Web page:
initiator to multiple targets. Likewise, a single CHAP secret MAY be used for authentication of an individual target to multiple initiators. A Responder MUST NOT send its CHAP response if the initiator has not successfully authenticated. For example, the following exchange: I->R CHAP_A=<A1,A2,...> R->I CHAP_A=<A1> CHAP_C=<C> CHAP_I=<I> I->R CHAP_N=<N> CHAP_C=<C> CHAP_I=<I> (Where N, (A1,A2), I, C, and R are correspondingly the Name, Algorithms, Identifier, Challenge, and Response as defined in [RFC1994]) MUST result in the Responder (target) closing the iSCSI TCP connection because the initiator has failed to authenticate (there is no CHAP_R in the third message). Any CHAP secret used for initiator authentication MUST NOT be configured for authentication of any target, and any CHAP secret used for target authentication MUST NOT be configured for authentication of any initiator. If the CHAP response received by one end of an iSCSI connection is the same as the CHAP response that the receiving endpoint would have generated for the same CHAP challenge, the response MUST be treated as an authentication failure and cause the connection to close (this ensures that the same CHAP secret is not used for authentication in both directions). Also, if an iSCSI implementation can function as both initiator and target, different CHAP secrets and identities MUST be configured for these two roles. The following is an example of the attacks prevented by the above requirements: Rogue wants to impersonate Storage to Alice, and knows that a single secret is used for both directions of Storage-Alice authentication. Rogue convinces Alice to open two connections to Rogue, and Rogue identifies itself as Storage on both connections. Rogue issues a CHAP challenge on connection 1, waits for Alice to respond, and then reflects Alice's challenge as the initial challenge to Alice on connection 2. If Alice doesn't check for the reflection across connections, Alice's response on connection 2 enables Rogue to impersonate Storage on connection 1, even though Rogue does not know the Alice-Storage CHAP secret.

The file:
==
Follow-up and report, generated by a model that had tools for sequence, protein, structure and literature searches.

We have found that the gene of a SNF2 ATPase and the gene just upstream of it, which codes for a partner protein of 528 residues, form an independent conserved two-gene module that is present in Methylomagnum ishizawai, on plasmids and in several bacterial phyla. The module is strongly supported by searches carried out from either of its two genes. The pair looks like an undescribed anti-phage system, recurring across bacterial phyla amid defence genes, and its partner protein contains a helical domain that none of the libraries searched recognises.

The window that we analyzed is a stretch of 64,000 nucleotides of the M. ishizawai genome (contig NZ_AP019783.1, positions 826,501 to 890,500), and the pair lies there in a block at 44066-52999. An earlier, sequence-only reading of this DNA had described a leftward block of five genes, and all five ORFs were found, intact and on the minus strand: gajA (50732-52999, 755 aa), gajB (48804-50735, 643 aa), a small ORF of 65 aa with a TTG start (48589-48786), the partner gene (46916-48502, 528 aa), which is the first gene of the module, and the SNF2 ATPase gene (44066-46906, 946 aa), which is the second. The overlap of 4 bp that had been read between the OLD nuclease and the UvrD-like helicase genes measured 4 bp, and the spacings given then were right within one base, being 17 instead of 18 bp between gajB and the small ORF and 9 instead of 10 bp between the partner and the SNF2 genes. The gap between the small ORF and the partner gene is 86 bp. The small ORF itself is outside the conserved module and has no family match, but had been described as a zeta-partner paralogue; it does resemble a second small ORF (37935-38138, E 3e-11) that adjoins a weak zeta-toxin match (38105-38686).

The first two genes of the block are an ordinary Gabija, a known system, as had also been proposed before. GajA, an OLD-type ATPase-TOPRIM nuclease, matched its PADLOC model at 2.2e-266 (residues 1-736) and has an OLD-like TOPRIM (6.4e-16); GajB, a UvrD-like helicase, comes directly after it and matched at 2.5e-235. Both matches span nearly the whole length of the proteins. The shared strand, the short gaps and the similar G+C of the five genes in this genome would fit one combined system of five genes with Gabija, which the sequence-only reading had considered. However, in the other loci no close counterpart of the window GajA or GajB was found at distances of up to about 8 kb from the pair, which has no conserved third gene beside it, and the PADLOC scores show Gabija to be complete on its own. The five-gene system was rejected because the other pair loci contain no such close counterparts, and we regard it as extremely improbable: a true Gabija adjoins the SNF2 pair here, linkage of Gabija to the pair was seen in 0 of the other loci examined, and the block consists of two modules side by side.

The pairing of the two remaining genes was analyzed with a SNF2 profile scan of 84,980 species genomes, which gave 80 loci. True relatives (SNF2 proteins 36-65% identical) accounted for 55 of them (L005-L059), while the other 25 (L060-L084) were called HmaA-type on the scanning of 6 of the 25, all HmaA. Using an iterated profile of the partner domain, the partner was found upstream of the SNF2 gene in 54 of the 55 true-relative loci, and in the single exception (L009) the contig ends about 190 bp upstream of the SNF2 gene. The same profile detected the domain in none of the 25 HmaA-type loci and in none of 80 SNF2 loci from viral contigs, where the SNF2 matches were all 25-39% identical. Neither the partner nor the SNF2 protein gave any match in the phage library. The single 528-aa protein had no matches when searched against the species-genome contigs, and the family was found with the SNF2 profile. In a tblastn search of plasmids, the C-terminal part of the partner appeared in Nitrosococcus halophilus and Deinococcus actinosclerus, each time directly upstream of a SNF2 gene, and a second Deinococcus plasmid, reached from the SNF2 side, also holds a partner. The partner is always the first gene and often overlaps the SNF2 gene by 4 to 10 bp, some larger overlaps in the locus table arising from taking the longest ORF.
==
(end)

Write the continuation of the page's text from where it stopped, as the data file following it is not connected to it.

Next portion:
Note that RADIUS [RFC2865] does not support bi-directional CHAP authentication. Therefore, while a target acting as a RADIUS client will be able to verify the initiator Response, it will not be able to respond to an initiator challenge unless it has access to an appropriate shared secret by some other means. 2.4.2. SRP iSCSI implementations MAY implement the SRP authentication method [RFC2945] (see [RFC3720], Section 11.1.3). The strength of SRP security is dependent on the characteristics of the group being used (i.e., the prime modulus N and generator g). As described in [RFC2945], N is required to be a Sophie-German prime (of the form N = 2q + 1, where q is also prime) the generator g is a primitive root of GF(n) [SRPNDSS]. SRP well-known groups are included in Appendix A and additional groups may be registered with IANA. iSCSI implementations MUST use one of these well-known groups. All the groups specified in Appendix A up to 1536 bits (i.e., SRP-768, SRP-1024, SRP-1280, SRP-1536) MUST be supported by initiators and targets. To guarantee interoperability, targets MUST always offer "SRP-1536" as one of the proposed groups. 2.5. SLPv2 Security Both iSCSI and FCIP protocols use SLPv2 as a way to discover peer entities and management servers. SLPv2 may also be used to provide information on peer security configuration. When SLPv2 is deployed, the SA advertisements as well as UA requests and/or responses are subject to the following security threats:  An attacker could insert or alter SA advertisements or a response to a UA request in order to masquerade as the real peer or launch a denial of service attack.  An attacker could gain knowledge about an SA or a UA through snooping, and launch an attack against the peer. Given the potential value of iSCSI targets and FCIP entities, leaking of such information not only increases the possibility of an attack over the network; there is also the risk of physical theft.  An attacker could spoof a DAAdvert. This could cause UAs and SAs to use a rogue DAs.